Before the ALS ice bucket challenge swept the globe in 2014, amyotrophic lateral sclerosis — more familiarly known as ALS or Lou Gehrig’s disease — was a disease many young people were unaware existed.
ALS was discovered in 1869, but it wasn’t until 1939 that former New York Yankees first-baseman Lou Gehrig brought international attention to the disease in his iconic “Luckiest Man” speech on July 4. “Fans, for the past two weeks you have been reading about the bad break I got. Yet today I consider myself the luckiest man on the face of this earth,” said Gehrig. At age 37 – and 23 months after his retirement – Gehrig died.
ALS is a progressive neuromuscular disease affecting only voluntary muscles — while the mind remains unaffected. Ultimately, patients become increasingly paralyzed, unable to move or communicate. The cause of the disease is unknown and there is no effective treatment or cure.
Keeping Faith Alive
Getting people’s attention is no easy task and fundraising is even harder. This is why in 1998, ALS fighter Christopher Pendergast rode his electric wheelchair from Yankee Stadium in the Bronx to Washington D.C. over the course of 15 days and 305 miles, and thus established the foundation for Ride For Life.
The Ride For Life Foundation is a nonprofit organization created to raise awareness, research funds, inspiration and information to ultimately find a cure for ALS.
I wanted to light a candle of hope for all patients to see I would find a cure and try to ease the suffering of patients.”— Christopher Pendergast, founder and president of Ride For Life
Each year during ALS Awareness Month in May, Ride For Life raises money by conducting a 12-day, 100-plus mile electric wheelchair ride across Long Island. The event draws thousands, and concludes with a signature ride across the Brooklyn Bridge into Manhattan. The foundation has raised over $6.5 million dollars to date. The money directly funds research to finding a cure and helping patients.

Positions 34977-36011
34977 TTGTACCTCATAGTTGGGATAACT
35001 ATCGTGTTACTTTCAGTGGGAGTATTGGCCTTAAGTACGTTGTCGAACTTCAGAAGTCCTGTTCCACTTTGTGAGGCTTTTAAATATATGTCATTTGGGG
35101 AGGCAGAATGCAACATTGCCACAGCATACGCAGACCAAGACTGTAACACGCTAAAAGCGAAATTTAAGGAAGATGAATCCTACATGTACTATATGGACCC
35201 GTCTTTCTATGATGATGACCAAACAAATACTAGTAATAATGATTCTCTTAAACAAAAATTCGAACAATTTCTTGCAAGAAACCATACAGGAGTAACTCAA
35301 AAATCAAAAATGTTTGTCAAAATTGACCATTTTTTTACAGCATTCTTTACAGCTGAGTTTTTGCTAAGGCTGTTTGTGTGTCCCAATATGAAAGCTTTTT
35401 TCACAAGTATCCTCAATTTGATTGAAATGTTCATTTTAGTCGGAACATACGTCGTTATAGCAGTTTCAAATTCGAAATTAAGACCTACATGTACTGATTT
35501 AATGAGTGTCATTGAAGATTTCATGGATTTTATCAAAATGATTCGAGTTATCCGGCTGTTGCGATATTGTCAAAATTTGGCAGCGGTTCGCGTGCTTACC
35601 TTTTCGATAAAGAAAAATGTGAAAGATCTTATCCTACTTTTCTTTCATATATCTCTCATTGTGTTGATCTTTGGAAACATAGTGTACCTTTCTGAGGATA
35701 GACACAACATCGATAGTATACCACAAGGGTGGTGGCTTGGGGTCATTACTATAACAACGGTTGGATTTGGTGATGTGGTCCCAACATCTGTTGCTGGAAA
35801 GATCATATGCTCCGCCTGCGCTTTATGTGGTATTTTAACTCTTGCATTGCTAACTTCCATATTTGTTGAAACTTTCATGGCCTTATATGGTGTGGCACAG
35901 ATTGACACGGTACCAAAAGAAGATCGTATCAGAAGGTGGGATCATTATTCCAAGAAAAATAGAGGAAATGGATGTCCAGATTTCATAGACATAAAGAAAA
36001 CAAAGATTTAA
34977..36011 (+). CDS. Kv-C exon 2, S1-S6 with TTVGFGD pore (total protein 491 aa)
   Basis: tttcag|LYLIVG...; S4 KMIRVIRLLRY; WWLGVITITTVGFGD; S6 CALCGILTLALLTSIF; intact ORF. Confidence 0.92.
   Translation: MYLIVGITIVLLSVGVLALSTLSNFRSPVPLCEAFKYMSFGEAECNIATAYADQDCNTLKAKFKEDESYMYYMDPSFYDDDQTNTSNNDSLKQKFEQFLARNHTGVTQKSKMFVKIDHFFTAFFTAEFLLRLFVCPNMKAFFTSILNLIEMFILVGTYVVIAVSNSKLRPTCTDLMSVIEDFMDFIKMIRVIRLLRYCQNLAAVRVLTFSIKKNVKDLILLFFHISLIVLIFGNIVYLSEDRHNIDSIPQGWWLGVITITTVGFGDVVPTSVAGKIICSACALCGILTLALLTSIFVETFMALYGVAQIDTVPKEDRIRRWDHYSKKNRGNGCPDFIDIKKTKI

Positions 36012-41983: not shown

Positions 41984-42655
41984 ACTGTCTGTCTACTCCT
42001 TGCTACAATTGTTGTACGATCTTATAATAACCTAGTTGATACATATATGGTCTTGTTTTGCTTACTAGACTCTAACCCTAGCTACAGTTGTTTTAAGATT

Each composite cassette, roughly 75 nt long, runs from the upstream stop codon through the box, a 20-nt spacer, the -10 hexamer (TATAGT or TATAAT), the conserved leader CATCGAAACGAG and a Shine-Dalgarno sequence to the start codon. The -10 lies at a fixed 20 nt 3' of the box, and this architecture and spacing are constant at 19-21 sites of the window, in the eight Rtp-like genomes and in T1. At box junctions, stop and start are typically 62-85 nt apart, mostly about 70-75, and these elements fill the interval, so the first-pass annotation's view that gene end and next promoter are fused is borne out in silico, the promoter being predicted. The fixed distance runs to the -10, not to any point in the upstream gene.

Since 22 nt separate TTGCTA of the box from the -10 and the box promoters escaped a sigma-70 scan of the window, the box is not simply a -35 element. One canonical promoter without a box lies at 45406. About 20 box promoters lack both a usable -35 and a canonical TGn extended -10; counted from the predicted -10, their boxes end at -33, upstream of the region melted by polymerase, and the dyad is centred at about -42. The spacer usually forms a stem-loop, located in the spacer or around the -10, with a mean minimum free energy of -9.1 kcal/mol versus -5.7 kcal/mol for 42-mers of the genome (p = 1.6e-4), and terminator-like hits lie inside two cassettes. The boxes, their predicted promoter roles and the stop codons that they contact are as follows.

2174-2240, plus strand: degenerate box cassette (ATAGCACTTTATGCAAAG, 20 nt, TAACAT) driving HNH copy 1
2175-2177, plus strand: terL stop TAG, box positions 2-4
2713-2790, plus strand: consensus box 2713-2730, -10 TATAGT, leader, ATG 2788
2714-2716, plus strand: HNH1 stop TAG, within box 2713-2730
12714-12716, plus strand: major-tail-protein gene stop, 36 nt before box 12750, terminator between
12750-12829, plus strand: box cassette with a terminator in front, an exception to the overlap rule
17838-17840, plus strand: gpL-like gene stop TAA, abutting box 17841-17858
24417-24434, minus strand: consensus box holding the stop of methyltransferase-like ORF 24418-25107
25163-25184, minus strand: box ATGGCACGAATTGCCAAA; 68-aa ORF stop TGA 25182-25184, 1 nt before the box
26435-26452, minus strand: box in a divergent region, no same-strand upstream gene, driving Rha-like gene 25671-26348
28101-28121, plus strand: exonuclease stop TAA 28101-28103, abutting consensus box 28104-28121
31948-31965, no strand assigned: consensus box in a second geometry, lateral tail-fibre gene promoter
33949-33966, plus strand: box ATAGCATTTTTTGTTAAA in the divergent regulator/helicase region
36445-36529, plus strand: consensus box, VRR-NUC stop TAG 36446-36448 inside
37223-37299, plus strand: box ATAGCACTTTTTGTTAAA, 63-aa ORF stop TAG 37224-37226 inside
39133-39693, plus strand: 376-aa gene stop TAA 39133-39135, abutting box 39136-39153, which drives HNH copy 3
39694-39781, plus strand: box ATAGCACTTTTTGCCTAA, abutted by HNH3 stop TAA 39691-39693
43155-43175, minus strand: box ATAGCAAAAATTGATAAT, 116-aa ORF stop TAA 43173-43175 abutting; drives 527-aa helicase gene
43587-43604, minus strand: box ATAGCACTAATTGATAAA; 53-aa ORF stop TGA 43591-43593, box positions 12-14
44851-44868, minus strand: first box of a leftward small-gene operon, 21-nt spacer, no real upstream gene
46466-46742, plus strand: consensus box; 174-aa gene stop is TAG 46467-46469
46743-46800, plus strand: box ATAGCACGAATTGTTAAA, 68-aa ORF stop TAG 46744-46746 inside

Sponsored by the Recreation Clubs at SJC Brooklyn and SJC Long Island, Pendergast visited SJC Long Island in Patchogue, New York, on Nov. 15 and the Brooklyn campus in Clinton Hill on Nov. 16, to speak firsthand to the College community. Pendergast was assisted by his former colleague Glenn Baldwin in delivering the presentation.
“I remember my first symptom,” Pendergast said. Pendergast began falling down for no obvious reason. This along with other odd symptoms led him to visit a neurologist for answers, where common diseases were slowly ruled out. His diagnosis came soon after by telephone on a cold, rainy evening in October 1993. His doctor told him there’s nothing medicine can do, there’s no treatment and the disease is fatal.
I hung up the phone and began to cry as I never had before. At the prime of my life, with young children, my life suddenly appeared to be over,” Pendergast said.
Today, ALS affects 30,000 Americans, claiming 6,000 yearly. That’s about one life every 90 minutes. The disease strikes people of all ages, races and genders. The average patient lives two to three years after diagnosis.
Pendergast has been battling the disease for over 23 years and dedicates his remaining life to fight and not surrender to the disease.
“In many ways, ALS has made my life richer and more fulfilled. It has certainly made me a better man,” he said. Just like Lou Gehrig, Pendergast considers himself a lucky man. “Rather than a curse from God, it has been a blessing in disguise.”
This May, both SJC campuses will once again participate in the Ride For Life across Long Island under the leadership of Gail Lamberta and the Recreation Clubs at SJC.
This is about life. It is now in the 20th year of the ride, which is unbelievable and remarkable,” Lamberta said.
The Recreation Clubs at both campuses will continue to raise funds for ALS throughout the year, in collaboration with the Office of Student Life. Lamberta encourages others to spread the word in hopes of turning this into more of a college-wide initiative. If you’d like to get involved in the 2017 Ride For Life event, email Gail Lamberta at email@example.com or visit alsrideforlife.org.